The Southern Poverty Law Center (SPLC) is an American nonprofit legal advocacy organization specializing in civil rights and public interest litigation. Based in Montgomery, Alabama, it is noted for its successful legal cases against white supremacist groups, its classification of hate groups and other extremist organizations, and its educational programs that promote tolerance. The SPLC’s classification and listing of hate groups – organizations that in its assessment “attack or malign an entire class of people, typically for their immutable characteristics” – and its labeling of certain people as extremists, have been the source of some controversy.
SPLC was founded by Morris Dees and Joseph J. Levin Jr. in 1971 as a civil rights law firm in Montgomery, Alabama. Civil rights leader Julian Bond joined Dees and Levin and served as president of the board between 1971 and 1979.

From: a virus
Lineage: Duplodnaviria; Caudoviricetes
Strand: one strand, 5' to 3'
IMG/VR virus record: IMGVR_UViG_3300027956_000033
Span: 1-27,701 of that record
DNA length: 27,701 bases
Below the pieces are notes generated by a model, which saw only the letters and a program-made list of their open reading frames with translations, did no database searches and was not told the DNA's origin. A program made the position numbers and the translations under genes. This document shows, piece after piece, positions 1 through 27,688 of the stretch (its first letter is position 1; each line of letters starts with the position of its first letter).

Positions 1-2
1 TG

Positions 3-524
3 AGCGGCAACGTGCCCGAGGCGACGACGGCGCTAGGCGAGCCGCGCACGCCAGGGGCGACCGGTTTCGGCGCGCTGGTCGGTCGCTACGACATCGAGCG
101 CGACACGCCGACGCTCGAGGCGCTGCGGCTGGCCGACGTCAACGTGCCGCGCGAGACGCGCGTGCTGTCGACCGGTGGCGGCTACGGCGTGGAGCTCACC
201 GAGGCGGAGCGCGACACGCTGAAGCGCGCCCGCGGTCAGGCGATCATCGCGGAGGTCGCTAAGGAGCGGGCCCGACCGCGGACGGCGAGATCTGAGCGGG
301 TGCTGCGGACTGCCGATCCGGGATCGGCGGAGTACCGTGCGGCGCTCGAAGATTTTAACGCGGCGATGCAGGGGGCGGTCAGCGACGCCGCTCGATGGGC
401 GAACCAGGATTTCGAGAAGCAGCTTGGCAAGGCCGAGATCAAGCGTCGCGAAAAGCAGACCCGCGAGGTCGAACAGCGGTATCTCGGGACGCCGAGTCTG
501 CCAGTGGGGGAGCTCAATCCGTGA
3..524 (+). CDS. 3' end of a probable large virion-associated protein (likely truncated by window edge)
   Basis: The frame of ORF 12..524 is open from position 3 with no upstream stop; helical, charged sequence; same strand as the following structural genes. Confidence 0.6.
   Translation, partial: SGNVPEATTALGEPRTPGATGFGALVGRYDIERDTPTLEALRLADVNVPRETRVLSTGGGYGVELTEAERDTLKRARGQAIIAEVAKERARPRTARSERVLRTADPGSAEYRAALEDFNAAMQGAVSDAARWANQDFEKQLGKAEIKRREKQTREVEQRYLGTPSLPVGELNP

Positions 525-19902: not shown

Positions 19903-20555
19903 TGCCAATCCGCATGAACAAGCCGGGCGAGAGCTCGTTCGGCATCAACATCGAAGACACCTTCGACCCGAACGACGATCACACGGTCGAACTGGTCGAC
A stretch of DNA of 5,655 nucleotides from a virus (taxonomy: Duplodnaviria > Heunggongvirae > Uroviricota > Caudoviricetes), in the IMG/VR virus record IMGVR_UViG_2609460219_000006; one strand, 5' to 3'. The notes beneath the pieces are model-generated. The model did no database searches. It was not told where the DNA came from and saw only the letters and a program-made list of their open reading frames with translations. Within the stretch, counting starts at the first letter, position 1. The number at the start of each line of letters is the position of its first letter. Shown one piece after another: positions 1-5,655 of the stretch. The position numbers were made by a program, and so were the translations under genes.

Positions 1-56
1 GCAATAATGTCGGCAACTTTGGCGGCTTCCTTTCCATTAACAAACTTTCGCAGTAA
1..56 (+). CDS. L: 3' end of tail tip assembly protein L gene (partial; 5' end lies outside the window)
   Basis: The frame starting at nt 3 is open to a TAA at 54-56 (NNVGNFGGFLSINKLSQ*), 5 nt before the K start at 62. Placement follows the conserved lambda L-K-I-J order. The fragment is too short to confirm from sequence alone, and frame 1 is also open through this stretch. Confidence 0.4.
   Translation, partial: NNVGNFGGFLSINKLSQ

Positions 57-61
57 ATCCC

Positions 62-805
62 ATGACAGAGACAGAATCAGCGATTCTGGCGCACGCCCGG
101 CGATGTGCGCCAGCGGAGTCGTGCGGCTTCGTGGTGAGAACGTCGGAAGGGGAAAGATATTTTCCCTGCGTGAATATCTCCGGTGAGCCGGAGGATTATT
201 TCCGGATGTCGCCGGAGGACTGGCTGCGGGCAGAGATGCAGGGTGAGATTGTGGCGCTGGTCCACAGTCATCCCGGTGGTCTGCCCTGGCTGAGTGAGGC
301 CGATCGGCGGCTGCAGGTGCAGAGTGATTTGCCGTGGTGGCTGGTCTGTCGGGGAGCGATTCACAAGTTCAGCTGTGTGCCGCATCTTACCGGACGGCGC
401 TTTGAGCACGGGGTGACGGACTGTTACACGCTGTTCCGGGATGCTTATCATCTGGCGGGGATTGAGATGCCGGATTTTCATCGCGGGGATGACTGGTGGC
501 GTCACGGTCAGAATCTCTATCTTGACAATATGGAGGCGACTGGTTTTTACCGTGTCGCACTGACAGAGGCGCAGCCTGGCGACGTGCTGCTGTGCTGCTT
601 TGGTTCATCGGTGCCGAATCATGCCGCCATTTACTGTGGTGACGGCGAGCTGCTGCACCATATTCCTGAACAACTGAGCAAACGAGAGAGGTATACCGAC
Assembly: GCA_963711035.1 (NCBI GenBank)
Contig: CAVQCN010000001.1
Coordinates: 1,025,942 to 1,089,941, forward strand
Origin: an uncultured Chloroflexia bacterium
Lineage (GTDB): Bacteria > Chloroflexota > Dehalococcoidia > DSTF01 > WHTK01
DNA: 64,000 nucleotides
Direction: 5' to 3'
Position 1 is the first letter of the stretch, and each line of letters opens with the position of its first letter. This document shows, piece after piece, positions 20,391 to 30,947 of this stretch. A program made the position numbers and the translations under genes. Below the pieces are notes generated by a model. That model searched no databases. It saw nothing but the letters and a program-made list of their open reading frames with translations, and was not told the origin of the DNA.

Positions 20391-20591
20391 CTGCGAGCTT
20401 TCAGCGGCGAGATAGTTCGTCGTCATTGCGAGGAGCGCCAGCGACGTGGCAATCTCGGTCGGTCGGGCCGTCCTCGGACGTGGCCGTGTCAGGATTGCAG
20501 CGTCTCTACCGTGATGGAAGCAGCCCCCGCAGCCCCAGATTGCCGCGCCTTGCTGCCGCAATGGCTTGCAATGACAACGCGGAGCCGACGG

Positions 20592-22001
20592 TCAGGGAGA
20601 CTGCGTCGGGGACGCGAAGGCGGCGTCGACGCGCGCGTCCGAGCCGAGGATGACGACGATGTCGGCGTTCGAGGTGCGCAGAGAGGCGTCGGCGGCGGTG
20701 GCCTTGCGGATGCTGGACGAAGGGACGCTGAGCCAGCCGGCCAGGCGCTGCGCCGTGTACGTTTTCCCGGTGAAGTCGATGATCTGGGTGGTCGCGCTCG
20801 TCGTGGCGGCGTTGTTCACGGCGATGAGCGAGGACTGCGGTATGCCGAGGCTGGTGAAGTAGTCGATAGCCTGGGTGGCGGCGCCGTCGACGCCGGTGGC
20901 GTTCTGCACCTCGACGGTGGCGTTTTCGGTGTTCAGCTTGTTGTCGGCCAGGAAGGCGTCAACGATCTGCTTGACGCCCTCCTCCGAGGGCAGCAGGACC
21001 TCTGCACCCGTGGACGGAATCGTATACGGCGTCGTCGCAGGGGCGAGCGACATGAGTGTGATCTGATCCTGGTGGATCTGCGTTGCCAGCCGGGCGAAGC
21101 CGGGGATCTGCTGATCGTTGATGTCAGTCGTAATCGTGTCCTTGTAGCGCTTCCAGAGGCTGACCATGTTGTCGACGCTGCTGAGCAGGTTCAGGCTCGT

In 1979, the SPLC began a litigation strategy of filing civil suits for monetary damages on behalf of the victims of violence from the Ku Klux Klan and other white supremacist groups. The SPLC has also become involved in other civil rights causes, including cases to challenge what it sees as institutional racial segregation and discrimination, inhumane and unconstitutional conditions in prisons and detention centers, discrimination based on sexual orientation, the mistreatment of illegal immigrants, and the unconstitutional mixing of church and state. The SPLC has provided information about hate groups to the Federal Bureau of Investigation (FBI) and other law enforcement agencies.